The skills learned in a master's of public administration transfer to all management positions.

Certificates


Certificate programs provide continuing education for professionals already working in the field. They serve as an alternative for people who may not want to enter a master's degree program but still desire to further their education.

A certificate program will not necessarily lead to higher pay but it will demonstrate to employers your dedication to the job and a desire for continuous improvement. For example, Certified Public Manager is a nationally recognized certificate for government workers.

At some universities, some credit hours earned toward a certificate will transfer if the person decides to pursue a master's degree later on.

He added that in some fields, experience can be more important than education in terms of pay. "Agencies value the institutional knowledge and confidence that comes with years on the job," Holder says.

It's not usual for public administrators to move from one job to another, even between government and nonprofit jobs. The skills learned in a master's of public administration transfer to all management positions.

Industry


Generally speaking, jobs in private companies tend to pay more than government jobs, although certain management specialties on the state and federal levels offer competitive salaries. Managers and directors of state and federal agencies and departments can make high salaries.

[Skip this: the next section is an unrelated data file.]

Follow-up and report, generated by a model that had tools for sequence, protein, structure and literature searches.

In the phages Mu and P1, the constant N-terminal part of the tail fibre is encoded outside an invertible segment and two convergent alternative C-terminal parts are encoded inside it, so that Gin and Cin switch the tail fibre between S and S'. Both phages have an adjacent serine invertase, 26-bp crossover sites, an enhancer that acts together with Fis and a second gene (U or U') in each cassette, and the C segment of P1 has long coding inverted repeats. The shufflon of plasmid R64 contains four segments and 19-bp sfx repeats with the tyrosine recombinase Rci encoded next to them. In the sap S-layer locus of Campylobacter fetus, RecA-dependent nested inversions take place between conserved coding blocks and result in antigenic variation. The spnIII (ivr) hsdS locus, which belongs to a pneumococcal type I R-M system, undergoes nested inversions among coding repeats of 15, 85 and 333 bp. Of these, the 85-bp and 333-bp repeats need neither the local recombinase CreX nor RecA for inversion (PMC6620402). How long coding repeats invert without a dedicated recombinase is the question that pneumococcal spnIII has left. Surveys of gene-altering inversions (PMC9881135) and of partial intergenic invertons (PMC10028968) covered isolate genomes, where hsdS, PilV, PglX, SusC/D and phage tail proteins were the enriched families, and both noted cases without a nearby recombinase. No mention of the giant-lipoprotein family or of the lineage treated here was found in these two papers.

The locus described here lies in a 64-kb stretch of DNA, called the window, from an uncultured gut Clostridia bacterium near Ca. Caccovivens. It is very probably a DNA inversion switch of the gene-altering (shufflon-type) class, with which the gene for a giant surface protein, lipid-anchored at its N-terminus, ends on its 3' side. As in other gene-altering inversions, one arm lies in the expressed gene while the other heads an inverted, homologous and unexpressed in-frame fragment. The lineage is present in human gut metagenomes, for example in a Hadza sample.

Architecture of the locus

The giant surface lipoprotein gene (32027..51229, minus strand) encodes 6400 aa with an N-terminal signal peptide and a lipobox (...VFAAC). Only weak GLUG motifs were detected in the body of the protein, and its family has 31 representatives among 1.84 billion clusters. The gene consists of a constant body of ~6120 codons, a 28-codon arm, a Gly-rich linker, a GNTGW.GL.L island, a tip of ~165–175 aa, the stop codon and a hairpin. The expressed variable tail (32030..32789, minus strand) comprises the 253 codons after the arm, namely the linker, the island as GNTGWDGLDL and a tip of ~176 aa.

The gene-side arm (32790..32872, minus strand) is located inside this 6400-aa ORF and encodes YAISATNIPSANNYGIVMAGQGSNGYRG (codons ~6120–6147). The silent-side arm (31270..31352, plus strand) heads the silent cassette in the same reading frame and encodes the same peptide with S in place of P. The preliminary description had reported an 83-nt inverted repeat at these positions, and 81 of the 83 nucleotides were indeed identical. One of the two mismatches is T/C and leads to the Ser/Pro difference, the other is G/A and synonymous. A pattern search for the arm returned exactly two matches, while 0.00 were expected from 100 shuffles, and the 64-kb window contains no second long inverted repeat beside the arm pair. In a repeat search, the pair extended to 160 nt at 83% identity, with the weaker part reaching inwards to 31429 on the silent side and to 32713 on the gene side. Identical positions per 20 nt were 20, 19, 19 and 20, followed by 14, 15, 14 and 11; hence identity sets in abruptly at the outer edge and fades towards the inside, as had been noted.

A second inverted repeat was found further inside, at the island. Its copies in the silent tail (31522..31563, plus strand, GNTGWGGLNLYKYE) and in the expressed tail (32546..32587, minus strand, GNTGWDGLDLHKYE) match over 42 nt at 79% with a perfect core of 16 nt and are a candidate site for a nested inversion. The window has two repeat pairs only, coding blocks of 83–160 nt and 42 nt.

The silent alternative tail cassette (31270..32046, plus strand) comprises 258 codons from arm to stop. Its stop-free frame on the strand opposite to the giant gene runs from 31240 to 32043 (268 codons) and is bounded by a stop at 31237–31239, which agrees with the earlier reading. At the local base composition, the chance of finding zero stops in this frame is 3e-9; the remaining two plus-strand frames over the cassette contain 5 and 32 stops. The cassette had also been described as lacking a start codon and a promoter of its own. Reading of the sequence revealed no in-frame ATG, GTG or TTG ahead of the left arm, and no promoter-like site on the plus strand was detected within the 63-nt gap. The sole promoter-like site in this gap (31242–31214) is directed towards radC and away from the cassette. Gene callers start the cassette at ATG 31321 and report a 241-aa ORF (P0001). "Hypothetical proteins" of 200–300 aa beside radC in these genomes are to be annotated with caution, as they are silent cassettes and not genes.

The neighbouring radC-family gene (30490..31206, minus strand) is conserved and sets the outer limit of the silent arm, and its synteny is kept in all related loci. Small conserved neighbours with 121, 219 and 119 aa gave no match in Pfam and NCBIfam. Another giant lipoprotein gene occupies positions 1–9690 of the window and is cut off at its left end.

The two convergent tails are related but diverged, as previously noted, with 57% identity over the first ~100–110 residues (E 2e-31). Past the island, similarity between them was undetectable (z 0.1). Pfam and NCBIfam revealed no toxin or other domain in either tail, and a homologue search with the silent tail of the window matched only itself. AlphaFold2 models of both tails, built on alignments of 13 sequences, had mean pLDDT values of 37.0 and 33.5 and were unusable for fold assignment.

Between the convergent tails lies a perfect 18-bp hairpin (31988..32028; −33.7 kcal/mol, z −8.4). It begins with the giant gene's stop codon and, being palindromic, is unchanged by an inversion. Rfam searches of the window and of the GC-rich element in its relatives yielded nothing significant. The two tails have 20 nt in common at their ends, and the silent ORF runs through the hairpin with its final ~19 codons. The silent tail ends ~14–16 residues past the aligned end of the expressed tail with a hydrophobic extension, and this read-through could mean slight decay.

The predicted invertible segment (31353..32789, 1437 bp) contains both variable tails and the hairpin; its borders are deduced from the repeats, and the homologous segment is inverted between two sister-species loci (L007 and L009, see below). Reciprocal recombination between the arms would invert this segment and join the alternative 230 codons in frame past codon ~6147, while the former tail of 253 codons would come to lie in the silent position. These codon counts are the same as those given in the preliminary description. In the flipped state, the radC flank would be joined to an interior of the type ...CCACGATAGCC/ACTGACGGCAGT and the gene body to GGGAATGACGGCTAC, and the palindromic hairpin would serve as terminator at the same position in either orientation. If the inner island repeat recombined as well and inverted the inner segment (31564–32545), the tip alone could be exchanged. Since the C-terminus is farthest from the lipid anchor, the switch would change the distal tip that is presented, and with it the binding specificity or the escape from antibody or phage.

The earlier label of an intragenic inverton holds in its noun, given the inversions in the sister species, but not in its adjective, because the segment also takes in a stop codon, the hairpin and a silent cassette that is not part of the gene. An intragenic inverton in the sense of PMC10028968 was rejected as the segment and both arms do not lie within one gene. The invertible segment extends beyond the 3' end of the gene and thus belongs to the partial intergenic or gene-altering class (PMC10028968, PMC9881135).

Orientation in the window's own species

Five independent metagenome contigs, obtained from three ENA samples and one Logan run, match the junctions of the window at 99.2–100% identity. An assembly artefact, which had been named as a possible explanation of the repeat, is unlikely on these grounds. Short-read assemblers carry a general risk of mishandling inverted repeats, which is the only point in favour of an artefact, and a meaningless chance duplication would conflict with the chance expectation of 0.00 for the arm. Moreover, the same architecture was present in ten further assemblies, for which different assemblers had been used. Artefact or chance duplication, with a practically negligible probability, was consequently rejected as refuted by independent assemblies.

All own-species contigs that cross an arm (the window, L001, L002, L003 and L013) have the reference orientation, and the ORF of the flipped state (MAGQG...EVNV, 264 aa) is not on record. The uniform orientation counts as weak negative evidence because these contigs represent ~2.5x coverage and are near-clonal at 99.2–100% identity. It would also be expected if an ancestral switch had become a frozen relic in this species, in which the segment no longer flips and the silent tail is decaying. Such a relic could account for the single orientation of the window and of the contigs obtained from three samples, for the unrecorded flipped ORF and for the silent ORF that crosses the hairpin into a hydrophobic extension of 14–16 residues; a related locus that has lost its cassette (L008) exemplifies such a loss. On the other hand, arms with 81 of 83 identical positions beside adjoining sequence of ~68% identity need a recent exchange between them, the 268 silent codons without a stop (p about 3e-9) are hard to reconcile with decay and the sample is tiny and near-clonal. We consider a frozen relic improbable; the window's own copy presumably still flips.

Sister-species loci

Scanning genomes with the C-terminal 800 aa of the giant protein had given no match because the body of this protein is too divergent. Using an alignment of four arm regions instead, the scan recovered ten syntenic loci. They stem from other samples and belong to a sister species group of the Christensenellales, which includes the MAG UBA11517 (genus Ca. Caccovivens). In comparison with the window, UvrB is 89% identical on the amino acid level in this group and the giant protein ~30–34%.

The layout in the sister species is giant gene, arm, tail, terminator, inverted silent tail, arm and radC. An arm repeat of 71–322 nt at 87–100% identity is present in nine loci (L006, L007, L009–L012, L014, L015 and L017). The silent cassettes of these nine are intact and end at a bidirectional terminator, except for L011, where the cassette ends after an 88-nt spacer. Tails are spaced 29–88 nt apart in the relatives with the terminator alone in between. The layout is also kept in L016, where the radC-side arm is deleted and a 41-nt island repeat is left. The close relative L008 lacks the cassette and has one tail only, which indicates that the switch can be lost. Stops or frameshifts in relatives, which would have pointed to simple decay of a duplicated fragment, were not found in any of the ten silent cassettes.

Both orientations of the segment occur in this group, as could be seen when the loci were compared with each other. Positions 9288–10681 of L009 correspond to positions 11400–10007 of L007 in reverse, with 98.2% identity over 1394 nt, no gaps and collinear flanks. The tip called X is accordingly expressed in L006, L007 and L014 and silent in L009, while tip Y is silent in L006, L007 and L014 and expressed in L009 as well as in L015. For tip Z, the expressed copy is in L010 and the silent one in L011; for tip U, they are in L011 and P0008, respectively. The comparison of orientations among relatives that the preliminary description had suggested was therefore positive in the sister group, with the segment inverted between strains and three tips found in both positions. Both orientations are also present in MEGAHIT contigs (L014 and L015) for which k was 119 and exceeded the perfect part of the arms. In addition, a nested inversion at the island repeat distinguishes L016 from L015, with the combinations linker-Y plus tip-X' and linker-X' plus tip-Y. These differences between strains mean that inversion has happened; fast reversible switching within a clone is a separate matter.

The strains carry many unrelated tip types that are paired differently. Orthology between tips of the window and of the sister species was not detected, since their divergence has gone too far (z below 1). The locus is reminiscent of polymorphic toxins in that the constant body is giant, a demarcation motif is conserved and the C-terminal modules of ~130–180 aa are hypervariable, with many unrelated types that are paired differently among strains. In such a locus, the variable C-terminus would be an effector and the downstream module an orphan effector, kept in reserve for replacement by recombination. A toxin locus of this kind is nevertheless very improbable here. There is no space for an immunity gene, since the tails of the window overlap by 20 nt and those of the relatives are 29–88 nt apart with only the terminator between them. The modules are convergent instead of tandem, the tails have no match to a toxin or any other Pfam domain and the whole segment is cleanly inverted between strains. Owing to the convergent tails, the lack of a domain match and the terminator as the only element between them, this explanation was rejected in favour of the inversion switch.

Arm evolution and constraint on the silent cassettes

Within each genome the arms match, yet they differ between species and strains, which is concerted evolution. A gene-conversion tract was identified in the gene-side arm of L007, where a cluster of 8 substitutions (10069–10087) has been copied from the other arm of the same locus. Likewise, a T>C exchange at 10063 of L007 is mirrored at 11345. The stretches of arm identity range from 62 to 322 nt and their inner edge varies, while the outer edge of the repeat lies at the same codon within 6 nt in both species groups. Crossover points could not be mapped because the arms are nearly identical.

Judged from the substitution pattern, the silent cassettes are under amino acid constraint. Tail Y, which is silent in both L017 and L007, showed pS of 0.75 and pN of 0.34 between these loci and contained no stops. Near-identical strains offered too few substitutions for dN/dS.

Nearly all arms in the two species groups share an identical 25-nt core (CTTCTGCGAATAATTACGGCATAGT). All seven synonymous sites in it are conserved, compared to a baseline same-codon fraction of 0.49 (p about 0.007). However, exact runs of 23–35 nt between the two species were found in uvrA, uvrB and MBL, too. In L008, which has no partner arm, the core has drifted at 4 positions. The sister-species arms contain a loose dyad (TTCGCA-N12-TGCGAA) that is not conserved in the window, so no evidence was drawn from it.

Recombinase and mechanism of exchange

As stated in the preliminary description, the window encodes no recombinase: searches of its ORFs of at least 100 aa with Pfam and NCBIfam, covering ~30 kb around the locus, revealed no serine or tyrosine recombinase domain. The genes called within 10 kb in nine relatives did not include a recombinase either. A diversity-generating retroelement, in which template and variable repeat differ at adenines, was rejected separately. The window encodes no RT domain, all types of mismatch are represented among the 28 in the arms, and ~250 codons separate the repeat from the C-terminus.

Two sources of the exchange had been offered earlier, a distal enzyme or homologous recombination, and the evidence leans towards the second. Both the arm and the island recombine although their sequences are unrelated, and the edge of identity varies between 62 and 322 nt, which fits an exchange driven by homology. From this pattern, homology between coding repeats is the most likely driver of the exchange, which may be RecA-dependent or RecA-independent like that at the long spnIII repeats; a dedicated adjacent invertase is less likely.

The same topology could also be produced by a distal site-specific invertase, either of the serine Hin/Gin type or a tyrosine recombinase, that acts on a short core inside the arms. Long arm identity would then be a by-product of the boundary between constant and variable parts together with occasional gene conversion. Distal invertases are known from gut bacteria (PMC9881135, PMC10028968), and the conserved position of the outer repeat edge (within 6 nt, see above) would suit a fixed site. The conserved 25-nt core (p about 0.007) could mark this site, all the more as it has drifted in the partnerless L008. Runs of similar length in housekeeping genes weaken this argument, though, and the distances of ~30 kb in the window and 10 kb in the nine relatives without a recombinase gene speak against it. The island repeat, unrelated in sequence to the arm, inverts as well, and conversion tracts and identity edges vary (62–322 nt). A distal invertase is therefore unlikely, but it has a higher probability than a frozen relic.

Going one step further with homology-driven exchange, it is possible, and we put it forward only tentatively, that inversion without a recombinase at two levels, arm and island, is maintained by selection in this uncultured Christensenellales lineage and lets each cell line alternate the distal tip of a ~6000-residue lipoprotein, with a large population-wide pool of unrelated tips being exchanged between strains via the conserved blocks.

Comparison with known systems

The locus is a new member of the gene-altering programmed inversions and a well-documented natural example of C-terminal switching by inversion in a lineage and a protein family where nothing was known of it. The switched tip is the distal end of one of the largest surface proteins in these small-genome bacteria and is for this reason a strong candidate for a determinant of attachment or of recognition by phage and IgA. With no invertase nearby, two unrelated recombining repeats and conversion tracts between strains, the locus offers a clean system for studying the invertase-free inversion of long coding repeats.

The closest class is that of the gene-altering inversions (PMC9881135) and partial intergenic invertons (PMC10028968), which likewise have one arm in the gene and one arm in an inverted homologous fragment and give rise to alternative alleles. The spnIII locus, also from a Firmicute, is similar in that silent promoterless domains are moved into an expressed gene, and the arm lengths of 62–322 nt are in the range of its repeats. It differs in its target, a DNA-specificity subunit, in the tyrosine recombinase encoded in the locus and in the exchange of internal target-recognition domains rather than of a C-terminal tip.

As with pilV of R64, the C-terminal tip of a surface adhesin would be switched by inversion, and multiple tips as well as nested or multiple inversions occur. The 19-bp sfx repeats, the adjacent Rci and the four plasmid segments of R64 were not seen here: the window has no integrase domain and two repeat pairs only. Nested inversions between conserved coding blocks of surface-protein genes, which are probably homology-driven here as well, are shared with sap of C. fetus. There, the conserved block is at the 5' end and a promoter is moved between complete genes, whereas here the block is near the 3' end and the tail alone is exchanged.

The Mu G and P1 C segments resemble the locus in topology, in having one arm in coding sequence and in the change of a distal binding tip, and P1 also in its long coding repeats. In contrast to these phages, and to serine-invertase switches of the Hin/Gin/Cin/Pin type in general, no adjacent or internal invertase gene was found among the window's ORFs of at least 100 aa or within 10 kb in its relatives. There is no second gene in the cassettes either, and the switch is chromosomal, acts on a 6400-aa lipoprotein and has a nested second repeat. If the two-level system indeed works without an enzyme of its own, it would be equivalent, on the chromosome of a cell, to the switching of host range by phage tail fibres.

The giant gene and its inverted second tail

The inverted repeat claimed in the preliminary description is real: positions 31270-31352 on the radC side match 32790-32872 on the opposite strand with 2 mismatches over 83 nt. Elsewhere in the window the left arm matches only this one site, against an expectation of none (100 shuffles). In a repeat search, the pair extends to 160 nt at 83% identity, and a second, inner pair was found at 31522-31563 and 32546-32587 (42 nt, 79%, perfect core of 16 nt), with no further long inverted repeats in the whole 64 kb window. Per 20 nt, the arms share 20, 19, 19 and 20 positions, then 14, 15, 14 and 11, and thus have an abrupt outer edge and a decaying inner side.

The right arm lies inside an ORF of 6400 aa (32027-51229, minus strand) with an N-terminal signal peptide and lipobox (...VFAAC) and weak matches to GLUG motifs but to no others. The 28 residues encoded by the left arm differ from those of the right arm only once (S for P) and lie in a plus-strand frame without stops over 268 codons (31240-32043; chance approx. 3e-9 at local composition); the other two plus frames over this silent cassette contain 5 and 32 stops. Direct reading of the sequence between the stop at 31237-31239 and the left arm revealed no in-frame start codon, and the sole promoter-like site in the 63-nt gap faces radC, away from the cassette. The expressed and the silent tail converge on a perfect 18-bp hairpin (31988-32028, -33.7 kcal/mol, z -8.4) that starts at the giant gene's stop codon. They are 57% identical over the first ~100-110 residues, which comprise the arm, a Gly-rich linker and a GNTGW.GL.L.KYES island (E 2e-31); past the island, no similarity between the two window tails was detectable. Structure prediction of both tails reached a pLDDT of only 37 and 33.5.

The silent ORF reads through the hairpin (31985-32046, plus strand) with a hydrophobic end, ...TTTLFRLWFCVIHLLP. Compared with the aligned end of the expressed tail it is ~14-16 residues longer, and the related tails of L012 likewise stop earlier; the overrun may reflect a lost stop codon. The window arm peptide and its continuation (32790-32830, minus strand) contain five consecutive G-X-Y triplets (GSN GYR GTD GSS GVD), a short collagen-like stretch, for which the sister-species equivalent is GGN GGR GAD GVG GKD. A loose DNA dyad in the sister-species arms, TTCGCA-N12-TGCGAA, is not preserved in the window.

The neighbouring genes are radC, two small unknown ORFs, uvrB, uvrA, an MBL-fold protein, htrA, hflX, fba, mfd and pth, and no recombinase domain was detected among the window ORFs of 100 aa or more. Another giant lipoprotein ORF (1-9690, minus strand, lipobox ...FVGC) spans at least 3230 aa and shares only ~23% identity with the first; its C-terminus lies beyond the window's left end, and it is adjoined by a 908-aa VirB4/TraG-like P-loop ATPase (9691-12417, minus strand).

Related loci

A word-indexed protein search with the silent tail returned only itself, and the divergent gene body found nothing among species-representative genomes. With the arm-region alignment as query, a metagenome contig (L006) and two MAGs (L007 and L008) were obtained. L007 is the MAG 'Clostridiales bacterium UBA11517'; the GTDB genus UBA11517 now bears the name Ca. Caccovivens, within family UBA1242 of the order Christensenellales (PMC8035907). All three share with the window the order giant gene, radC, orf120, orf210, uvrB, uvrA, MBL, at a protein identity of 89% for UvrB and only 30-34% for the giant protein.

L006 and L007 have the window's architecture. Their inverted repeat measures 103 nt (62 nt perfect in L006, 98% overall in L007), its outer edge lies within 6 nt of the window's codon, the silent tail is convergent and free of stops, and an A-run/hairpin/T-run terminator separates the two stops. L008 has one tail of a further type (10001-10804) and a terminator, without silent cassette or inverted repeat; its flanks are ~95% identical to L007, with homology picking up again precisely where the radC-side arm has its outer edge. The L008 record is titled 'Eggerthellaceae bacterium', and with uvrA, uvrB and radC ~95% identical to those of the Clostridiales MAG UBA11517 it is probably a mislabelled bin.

Working in the public sector may have other advantages.

"While most public sector jobs tend to bring in a lower base salary than equivalent positions in the private sector, public agencies are known to offer some of the best benefits in any industry," Holder explained. These benefits can include retirement options, healthcare, and time off.

Jobs with nonprofit organizations tend to have slightly lower salaries, with the exception of management positions in high-profile organizations.

Fields that tend to pay well at all levels are healthcare administrator jobs and positions that involve finances, statistics, and economics. The median salary of a medical and health services manager rests around $101,340, according to the U.S. Bureau of Labor Statistics. Similarly, financial analysts can earn a median salary of $91,580.

While public sector jobs tend to pay less than jobs in the private sector, the healthcare and retirement options may make up for the lower salary.

Job Demand

The BLS projects average growth in public administration jobs, with some fields more in demand than others. For example, the biggest job demand right now is in health services management, driven by public health concerns and an aging population, according to the Bureau of Labor Statistics.

Government jobs tend to respond to public policies, current events, and concerns. "Within public administration, hiring often centers around the needs of the community," explains Holder.

That means certain fields will grow faster at times than others. In addition to public health, jobs in emergency services management are more in demand.

New fields in public administration are also opening up due to public need. "Growing awareness surrounding the climate and its effect on our world has opened the door to a new era of prioritizing sustainability and resilience," Holder says.


Written and reported by:

Karen S. Hanson
Contributing Writer

With professional insight from:

Joshua Holder, Marketing and Communications Specialist
School of Public Administration, University of Central Florida